Arts album review

Climate change, foreign policy, and mass surveillance

Anohni delivers a politically charged album

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Anohni released her politically charged solo debut album Hopelessness on May 6, 2016.
Courtesy of Secretly Canadian




Released May 6, 2016

Secretly Canadian

Six years after releasing the album Swanlights with the ensemble of musicians known as Antony and the Johnsons, the English artist Anohni returns to the music scene, dropping the previous name “Antony Hegarty,” and releases her debut solo album Hopelessness. As the second openly transgender person who has been nominated for an Academy Award (with Angela Morley being the first), she re-enters the industry not only with a new moniker, but with a new musical style as well. Shifting her work, which was previously rather pastoral and orchestral, to pop-inspired electronic music, Anohni focuses on politics this time in an attempt to make a protest album.

The transition to a new genre is executed flawlessly. Joined by producers Hudson Mohawke and Oneohtrix Point Never, Anohni delivers a successful combination of pounding and captivatingly glitchy synth-pop in “4 Degrees” and “Violent Men,” followed by the catchy and peppy songs “Watch Me” and “Execution,” in addition to offering ballads like “I Don’t Love You Anymore” and euphoric anthems like “Why Did You Separate Me from the Earth?” Her vocal performance is just as effective, with a wide range of emotions, which are vividly portrayed in each song, clearly indicating the promising potential of this album.

Unfortunately, the successful musical production is thrown off balance by the album’s draining lyrical content. Despite Anohni’s best attempts to deliver a dance protest album that addresses a wide range of topics, from foreign policy and capital punishment to climate change and mass surveillance, her fusion of music and politics instead creates a naive image of a bleak, nihilistic, and 1984-esque society facing impending doom.

“Execution,” for example, attempts to showcase the saddening truth that capital punishment is still actively practiced in several countries around the world, but Anohni’s simple recital of nations, “Like the Chinese and the Saudis / The North Koreans and The Nigerians,” accompanied with the repetitive hook “Execution / Execution / It’s an American dream” over a jingle-like melody, renders the song bereft of any emotional maturity. Similarly, in the song “Obama,” the weakest track on the album, Anohni directly criticizes the president through verses such as “Now the news is you are spying / Executing without trial” and “All the hope drained from your face / Like children we believed”, while periodically chanting the president’s last name. Without giving a more diplomatic and well-thought-out criticism of Obama’s presidency, she fails to deliver the intended message and instead presents the listeners with a rather unpolished set of opinions.

On the other hand, when the lyrics become coated with poetic ambiguity, the album feels undoubtedly triumphant. “I Don’t Love You Anymore,” the only song on the album that does not have any explicitly political content, highlights Anohni’s mastery as a storyteller. When she sings “I was so lonely, all alone / When the phone rang, I wasn’t there / When my parents called, I just sat and stared” with a dejected voice, a more vulnerable and visceral side of Anohni is shown, allowing the listeners to feel the gravity of her personal struggles. In “Why Did You Separate Me from the Earth,” she succeeds at creating a palpable vision of a dying environment, one that shows the dire repercussions of careless human activities, by singing “I don’t want your future / I’ll be born before you’re born / Why did you separate me, me from the Earth?” Lyrics like these contrast sharply with the bluntness of other songs on the record, and show that poeticism could convey her ideas more effectively.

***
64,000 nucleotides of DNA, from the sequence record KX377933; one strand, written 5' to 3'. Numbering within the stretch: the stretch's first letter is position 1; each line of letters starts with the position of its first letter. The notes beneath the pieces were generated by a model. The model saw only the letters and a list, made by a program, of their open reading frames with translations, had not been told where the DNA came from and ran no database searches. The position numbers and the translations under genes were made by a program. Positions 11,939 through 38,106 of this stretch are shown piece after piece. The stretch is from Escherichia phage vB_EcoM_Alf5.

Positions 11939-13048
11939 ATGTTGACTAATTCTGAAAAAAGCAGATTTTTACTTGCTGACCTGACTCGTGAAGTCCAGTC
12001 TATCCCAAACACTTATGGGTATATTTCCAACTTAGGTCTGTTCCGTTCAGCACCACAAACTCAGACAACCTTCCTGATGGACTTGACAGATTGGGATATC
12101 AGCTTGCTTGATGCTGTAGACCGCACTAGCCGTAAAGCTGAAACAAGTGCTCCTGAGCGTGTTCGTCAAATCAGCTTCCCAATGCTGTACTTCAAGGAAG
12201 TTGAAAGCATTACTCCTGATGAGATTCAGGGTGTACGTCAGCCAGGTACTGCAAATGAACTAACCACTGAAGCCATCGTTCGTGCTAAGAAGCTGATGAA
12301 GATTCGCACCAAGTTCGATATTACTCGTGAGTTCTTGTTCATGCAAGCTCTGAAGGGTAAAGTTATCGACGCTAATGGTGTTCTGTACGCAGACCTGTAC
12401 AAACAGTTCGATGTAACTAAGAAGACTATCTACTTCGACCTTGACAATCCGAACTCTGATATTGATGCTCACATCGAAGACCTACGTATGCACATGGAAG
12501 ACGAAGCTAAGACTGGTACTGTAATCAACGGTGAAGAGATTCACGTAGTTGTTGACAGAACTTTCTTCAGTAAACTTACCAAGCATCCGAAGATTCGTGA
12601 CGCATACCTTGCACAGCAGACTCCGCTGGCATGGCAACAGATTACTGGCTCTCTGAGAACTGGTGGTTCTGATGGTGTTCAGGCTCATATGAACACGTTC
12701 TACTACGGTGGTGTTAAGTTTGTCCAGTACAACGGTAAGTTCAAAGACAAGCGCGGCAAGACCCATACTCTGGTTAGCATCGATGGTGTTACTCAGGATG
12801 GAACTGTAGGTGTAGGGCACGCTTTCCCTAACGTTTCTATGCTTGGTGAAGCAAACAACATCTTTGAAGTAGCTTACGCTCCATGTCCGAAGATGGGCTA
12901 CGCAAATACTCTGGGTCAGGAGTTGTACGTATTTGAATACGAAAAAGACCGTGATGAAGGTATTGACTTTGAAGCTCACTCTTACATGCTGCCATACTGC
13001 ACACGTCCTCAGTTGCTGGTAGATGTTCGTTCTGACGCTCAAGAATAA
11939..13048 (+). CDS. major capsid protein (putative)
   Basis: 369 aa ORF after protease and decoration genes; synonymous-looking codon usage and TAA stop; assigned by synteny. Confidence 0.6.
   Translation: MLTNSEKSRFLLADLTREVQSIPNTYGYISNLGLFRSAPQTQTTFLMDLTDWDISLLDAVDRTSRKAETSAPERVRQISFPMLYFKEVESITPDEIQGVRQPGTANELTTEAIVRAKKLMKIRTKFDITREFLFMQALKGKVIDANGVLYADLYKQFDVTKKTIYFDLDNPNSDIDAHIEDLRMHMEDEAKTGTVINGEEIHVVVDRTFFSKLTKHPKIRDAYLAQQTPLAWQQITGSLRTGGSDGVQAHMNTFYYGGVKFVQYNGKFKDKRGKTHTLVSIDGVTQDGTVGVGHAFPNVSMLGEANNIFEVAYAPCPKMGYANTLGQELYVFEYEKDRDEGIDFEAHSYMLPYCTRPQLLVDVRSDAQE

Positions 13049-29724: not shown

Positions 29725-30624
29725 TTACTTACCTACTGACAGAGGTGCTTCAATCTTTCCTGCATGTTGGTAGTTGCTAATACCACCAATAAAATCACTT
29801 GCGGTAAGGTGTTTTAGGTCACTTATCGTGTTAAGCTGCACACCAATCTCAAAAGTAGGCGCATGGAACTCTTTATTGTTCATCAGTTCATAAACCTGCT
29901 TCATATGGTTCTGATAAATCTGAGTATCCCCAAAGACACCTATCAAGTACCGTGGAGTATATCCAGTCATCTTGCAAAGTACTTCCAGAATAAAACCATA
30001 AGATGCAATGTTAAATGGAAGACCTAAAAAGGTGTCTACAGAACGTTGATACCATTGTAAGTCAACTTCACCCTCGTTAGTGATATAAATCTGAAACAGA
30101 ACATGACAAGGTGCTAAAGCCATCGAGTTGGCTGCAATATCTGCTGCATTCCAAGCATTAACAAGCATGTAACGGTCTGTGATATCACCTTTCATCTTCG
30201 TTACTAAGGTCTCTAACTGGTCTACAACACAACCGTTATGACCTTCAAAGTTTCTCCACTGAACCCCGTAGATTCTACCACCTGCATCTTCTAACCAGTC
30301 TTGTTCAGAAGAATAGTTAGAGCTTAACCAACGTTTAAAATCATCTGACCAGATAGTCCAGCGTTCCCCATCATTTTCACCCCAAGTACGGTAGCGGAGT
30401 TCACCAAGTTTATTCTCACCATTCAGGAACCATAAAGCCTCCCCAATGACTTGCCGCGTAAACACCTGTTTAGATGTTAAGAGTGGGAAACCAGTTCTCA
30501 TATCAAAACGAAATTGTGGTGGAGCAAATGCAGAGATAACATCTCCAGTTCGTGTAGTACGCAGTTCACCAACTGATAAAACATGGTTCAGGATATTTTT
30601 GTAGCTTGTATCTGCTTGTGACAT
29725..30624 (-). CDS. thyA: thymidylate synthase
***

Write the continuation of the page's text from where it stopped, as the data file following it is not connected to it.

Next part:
Blurring the lines between music and politics is not a novelty, and Anohni is certainly not the first musician whose lyrics draw attention to current global issues. Just within England, M.I.A.’s single, “Borders,” which addresses the European migrant crisis, created controversy when it was released at the end of 2015, and, more recently, PJ Harvey’s track “Community of Hope,” from this year’s album The Hope Six Demolition Project, drew criticism from D.C. politicians, who considered Harvey’s apocalyptic depiction of Ward 7 as incorrect and incomplete.

Much of the criticism directed at politically charged music usually stems from observations that artists themselves do not offer any solutions to issues presented in their songs. But, it is important to understand that this type of disapproval is completely unwarranted, as musicians are certainly not expected to propose sound policies in their work. The purpose of such music is merely to raise consciousness and promote discussions about issues through a medium that is more accessible and less censored.

That said, the underlying problem of Anohni’s debut album is not that she does not complement her observations with robust solutions, but that she tries to encourage discussions about issues of layered complexity with haste and no tact. Had she dedicated more time towards developing nuanced and mature lyrics, the album could have easily become an indispensable component of leftwing music.

It would be unfair, however, to give her no credit. The album’s political content certainly should have been crafted with more care, but Anohni’s courage to lyrically tackle global issues as an openly transgender artist through a new musical genre deserves unequivocal praise. At its best, Hopelessness should be appreciated for its strong, albeit latent, message — that humanity must stand united, more so now than ever before.